Shaun Ley didn’t want to lose her while she was in such a state or for her to be punishing herself for what wasn’t her fault.

    The words that I keep thinking when reading those defending Iannucci are ‘sneer content’.

  • Michele

     Is ‘do not approve of’ the same as ‘hate’ Richard?

    Did you overlook the jokiness of ‘Malcolm Tucker and I’ ?

    Down boy.

  • Michele

     Wow, getting all het up Rich?

    A twit claims he can’t be bothered to read a post yet bothers to post somewhere for the first time to say so.

    Irony Rich, just irony pet.

  • Dave Simons

     Is that ‘Far out, you sumptuous beauty’?

  • Michele

    ………….. preen …… 😀

  • Dave Simons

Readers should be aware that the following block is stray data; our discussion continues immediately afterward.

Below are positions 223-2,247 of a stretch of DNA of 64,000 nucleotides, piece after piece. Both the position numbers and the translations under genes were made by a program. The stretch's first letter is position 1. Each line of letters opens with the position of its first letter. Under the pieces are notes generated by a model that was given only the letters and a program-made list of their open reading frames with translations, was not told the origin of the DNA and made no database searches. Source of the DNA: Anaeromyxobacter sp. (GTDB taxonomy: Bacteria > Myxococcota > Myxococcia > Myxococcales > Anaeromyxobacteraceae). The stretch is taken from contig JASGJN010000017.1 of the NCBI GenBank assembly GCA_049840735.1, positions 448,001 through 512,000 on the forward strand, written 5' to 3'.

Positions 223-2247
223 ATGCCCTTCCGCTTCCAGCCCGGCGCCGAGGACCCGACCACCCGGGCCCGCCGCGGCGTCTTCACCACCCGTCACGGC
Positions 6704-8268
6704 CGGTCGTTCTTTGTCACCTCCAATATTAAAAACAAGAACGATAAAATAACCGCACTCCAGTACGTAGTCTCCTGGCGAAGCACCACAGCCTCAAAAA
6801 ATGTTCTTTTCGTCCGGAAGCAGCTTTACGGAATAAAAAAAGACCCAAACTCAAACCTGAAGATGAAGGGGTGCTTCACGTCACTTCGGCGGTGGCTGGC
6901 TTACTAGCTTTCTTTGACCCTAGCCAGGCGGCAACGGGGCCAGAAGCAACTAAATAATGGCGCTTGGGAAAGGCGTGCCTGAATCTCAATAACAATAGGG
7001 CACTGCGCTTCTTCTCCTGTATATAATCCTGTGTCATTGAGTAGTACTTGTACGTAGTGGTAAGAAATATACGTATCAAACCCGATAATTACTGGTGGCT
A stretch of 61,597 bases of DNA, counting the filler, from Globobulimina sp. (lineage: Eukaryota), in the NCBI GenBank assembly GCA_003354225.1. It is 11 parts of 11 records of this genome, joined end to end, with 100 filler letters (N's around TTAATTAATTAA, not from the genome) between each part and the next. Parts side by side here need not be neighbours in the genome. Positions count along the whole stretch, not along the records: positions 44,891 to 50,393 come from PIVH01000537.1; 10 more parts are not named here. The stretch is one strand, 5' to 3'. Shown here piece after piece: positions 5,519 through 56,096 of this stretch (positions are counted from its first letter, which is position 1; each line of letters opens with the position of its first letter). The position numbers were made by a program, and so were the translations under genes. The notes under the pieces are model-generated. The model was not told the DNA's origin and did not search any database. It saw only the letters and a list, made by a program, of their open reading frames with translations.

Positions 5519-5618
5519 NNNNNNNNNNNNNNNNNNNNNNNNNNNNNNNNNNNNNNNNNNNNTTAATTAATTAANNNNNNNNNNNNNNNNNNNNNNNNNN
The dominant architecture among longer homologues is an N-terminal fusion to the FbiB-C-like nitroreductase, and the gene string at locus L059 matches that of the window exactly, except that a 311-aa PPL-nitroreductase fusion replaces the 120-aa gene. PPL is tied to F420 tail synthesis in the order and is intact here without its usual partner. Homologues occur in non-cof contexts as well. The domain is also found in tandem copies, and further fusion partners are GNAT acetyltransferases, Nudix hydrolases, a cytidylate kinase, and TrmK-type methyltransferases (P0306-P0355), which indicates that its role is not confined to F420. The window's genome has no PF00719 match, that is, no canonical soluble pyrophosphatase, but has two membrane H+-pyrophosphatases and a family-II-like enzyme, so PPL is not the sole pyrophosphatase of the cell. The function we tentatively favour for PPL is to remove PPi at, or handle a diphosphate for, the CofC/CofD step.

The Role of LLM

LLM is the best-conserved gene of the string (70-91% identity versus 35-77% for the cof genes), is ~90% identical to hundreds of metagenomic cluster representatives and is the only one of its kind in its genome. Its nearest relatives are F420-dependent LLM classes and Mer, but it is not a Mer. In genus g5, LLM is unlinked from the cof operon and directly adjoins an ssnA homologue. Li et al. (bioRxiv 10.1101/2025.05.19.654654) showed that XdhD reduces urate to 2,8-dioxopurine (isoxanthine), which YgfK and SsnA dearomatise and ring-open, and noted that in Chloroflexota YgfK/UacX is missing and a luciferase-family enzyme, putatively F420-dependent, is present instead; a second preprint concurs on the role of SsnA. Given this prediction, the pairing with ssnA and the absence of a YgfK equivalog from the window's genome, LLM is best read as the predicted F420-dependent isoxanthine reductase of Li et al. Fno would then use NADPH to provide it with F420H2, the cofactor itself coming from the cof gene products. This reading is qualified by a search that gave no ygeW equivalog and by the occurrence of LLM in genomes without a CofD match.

Tony Blair was influenced by the large demonstrations by the Countryside Alliance, which were swelled by a mixture of the characteristic orchestration and bribery typical of big landowners and their minions. He should have been influenced by the larger and more spontaneous demonstration against the Iraq war in 2003. That he wasn’t says something about his political leanings and instincts. A million people demonstrating is a significant proportion of the population. I wasn’t on that demonstration – I was on holiday at the time – and there must have been millions more who would have supported the demonstration even though they were unable to attend. When people demonstrated against the Springboks in 1969 Harold Wilson cancelled the tour, and the effect on the upholders of the Apartheid regime in South Africa was stunning, as I’m sure Peter Hain will attest. I still think the Iraq invasion without UN backing was a colossal blunder, rooted in recent Labour history. The Tories, who, had they been in office would have gone along with Bush Junior, only more so, were the beneficiaries of that colossal blunder. Tony Blair scraped through another General Election afterwards but the writing was on the wall for 2010 before Gordon Brown became PM. However I don’t think the ‘practiced liars’ theory illuminates anything – I’m pretty sure TB genuinely thought he was doing the right thing (or, as Cameron keeps saying about other matters like a stuck needle, “It was the right thing to do”). I just think TB wrong.